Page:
Listen to your body and be gentle with yourself. Read the book on your shelf, take that day trip to the coast, schedule your overdue coffee date or cancel all of your social plans. You know what you need during the transition period to fill yourself up – make space for yourself so you’re in the best headspace possible for your new adventure!


Day one is here, let’s make a great first impression!


Kickoff Day One in Your Designated At-Home Workspace

There will likely be time to work from a coffee shop, a friend’s house or wherever else the wifi calls to you, but for day one let’s work in a comfortable space that’s free of distractions and questionable internet connection. Use your first few days (or weeks) to get to know your company’s culture and work environment expectations. Do they prefer camera on vs. camera off? How often are you on client vs. internal calls? Are work hours flexible or defined? It’s best to be prepared and have a good feel for your day-to-day obligations before pursuing remote-work adventures.


Be Authentic and Ask Questions

Whether remote or not, it’s so important to be authentic. Be honest and clear about your learning style and abilities. When connecting with your team, be your true self. They hired you for a reason – whatever came through during the interview process made them feel confident in your abilities and cultural fit – try not to forget this!


It can feel daunting to raise your hand when you don’t understand something or to ask for additional information, but asking the right questions shows your employer how you process information and that you’re genuinely engaged in the onboarding process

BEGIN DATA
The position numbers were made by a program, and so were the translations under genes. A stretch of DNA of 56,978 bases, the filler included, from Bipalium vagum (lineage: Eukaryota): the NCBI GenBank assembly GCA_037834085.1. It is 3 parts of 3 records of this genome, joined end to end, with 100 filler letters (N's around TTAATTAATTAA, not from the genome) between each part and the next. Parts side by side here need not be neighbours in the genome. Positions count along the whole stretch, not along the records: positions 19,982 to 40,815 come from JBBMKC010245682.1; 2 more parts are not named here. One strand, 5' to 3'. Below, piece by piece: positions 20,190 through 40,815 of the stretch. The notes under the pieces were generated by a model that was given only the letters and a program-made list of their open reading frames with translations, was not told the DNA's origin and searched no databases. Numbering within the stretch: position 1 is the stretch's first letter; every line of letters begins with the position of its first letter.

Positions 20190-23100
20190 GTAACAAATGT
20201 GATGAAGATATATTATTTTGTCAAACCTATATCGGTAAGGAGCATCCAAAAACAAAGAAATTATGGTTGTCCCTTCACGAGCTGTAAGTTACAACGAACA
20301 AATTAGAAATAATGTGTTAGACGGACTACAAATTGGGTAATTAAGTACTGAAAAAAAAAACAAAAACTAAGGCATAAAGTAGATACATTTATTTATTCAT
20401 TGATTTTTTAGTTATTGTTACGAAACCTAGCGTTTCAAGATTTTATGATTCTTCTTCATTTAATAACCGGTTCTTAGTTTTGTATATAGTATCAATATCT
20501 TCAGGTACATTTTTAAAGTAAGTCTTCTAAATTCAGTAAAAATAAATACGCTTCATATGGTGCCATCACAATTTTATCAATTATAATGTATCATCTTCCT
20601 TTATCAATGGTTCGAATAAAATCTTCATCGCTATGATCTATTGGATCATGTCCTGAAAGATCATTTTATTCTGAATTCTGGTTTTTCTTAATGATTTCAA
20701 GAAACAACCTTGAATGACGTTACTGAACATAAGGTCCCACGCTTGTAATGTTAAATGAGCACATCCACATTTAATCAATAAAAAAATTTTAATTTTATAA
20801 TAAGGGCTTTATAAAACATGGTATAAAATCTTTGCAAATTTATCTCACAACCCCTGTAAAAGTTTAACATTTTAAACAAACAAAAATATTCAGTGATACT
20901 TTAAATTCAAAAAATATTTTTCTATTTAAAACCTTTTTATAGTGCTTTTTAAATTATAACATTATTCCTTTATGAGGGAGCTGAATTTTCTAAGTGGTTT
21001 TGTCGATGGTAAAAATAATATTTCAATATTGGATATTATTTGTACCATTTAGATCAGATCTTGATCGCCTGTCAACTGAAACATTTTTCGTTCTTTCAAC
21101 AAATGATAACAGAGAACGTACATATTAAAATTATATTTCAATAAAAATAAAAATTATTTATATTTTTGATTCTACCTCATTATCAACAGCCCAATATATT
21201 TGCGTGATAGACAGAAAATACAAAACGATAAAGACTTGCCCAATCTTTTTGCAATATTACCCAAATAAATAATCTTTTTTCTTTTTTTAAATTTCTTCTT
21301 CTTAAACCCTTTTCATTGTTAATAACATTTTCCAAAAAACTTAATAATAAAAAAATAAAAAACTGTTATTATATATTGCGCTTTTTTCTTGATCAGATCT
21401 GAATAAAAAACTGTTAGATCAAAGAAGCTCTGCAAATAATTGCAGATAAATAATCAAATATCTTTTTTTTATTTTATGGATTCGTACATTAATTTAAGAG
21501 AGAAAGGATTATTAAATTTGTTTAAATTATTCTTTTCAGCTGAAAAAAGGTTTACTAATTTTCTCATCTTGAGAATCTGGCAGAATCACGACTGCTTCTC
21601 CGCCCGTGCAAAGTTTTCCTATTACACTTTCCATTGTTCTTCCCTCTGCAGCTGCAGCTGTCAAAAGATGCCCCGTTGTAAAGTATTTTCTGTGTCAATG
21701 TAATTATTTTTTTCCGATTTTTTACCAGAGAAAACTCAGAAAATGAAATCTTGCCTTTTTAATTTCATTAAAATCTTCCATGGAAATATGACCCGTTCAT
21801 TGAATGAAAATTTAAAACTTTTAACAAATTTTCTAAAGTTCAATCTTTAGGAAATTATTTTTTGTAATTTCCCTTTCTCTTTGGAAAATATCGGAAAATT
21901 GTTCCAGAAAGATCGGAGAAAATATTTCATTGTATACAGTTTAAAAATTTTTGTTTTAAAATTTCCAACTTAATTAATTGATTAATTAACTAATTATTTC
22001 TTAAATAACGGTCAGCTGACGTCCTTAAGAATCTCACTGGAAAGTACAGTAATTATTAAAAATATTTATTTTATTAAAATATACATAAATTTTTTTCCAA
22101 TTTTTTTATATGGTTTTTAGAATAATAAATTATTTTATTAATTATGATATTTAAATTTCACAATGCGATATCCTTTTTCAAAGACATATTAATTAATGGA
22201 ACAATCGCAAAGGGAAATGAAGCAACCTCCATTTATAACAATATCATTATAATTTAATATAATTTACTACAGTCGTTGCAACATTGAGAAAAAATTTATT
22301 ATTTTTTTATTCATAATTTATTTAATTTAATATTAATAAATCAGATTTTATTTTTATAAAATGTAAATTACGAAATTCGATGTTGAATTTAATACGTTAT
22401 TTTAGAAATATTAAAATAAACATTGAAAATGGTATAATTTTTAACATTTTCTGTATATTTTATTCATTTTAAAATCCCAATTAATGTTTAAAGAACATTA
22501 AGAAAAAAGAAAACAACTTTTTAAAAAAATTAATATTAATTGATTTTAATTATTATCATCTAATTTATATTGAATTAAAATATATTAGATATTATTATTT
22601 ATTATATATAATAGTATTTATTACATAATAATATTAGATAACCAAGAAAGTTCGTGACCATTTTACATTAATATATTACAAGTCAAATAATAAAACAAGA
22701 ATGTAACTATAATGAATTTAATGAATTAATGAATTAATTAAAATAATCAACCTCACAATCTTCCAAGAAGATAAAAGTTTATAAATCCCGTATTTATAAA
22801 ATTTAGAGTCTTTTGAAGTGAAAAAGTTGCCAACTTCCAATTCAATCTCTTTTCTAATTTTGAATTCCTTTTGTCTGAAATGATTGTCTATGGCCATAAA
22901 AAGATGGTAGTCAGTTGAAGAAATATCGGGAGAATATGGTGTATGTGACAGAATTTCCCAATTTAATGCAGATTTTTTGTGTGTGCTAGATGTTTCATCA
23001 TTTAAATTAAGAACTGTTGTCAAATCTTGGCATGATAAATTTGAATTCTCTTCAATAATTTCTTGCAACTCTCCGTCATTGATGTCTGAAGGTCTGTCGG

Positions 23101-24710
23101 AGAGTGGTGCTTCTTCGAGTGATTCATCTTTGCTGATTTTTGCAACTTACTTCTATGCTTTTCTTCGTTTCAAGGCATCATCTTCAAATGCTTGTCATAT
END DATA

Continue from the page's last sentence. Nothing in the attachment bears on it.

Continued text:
Facing information overload and don’t have any questions at the moment? Totally fine (and normal!), but make sure you’re digesting the information and, as questions arise, you’re following up to understand company policy and processes. Remember, your goal is to build a strong foundation that will lend itself to future success with the company. Show up, engage authentically and be open to vulnerability as you adjust!


Provide Honest Feedback

It’s not unlikely your new company will ask you for feedback regarding the onboarding process. Whether it’s questions about the process itself or your personal capacity throughout, provide your manager or team with honest constructive feedback. Assuming they have your best interest in mind, they need authentic feedback to adjust the onboarding process in real time for your success and for future employees.


Avenue uses 15five for weekly check-ins and as a tool to organize 1-on-1 topics. This platform allows the user to rate their mental wellbeing and workload, as well as leave commentary for their manager. In addition to this, I was provided a document to reflect on my first week with the company and a space to provide feedback about my overall onboarding experience.


If you’re feeling overwhelmed, let your team know which areas you might need further review or one-on-one time. If you feel the process is moving too slowly, share a fuller picture of your expertise and the areas that you already feel confident in. Onboarding feedback is mutually beneficial for you and your employer. They can refine their process and you can make the most out of your training period. We all want to be successful at what we do, this is one way you can build rapport and strengthen your professional foundation.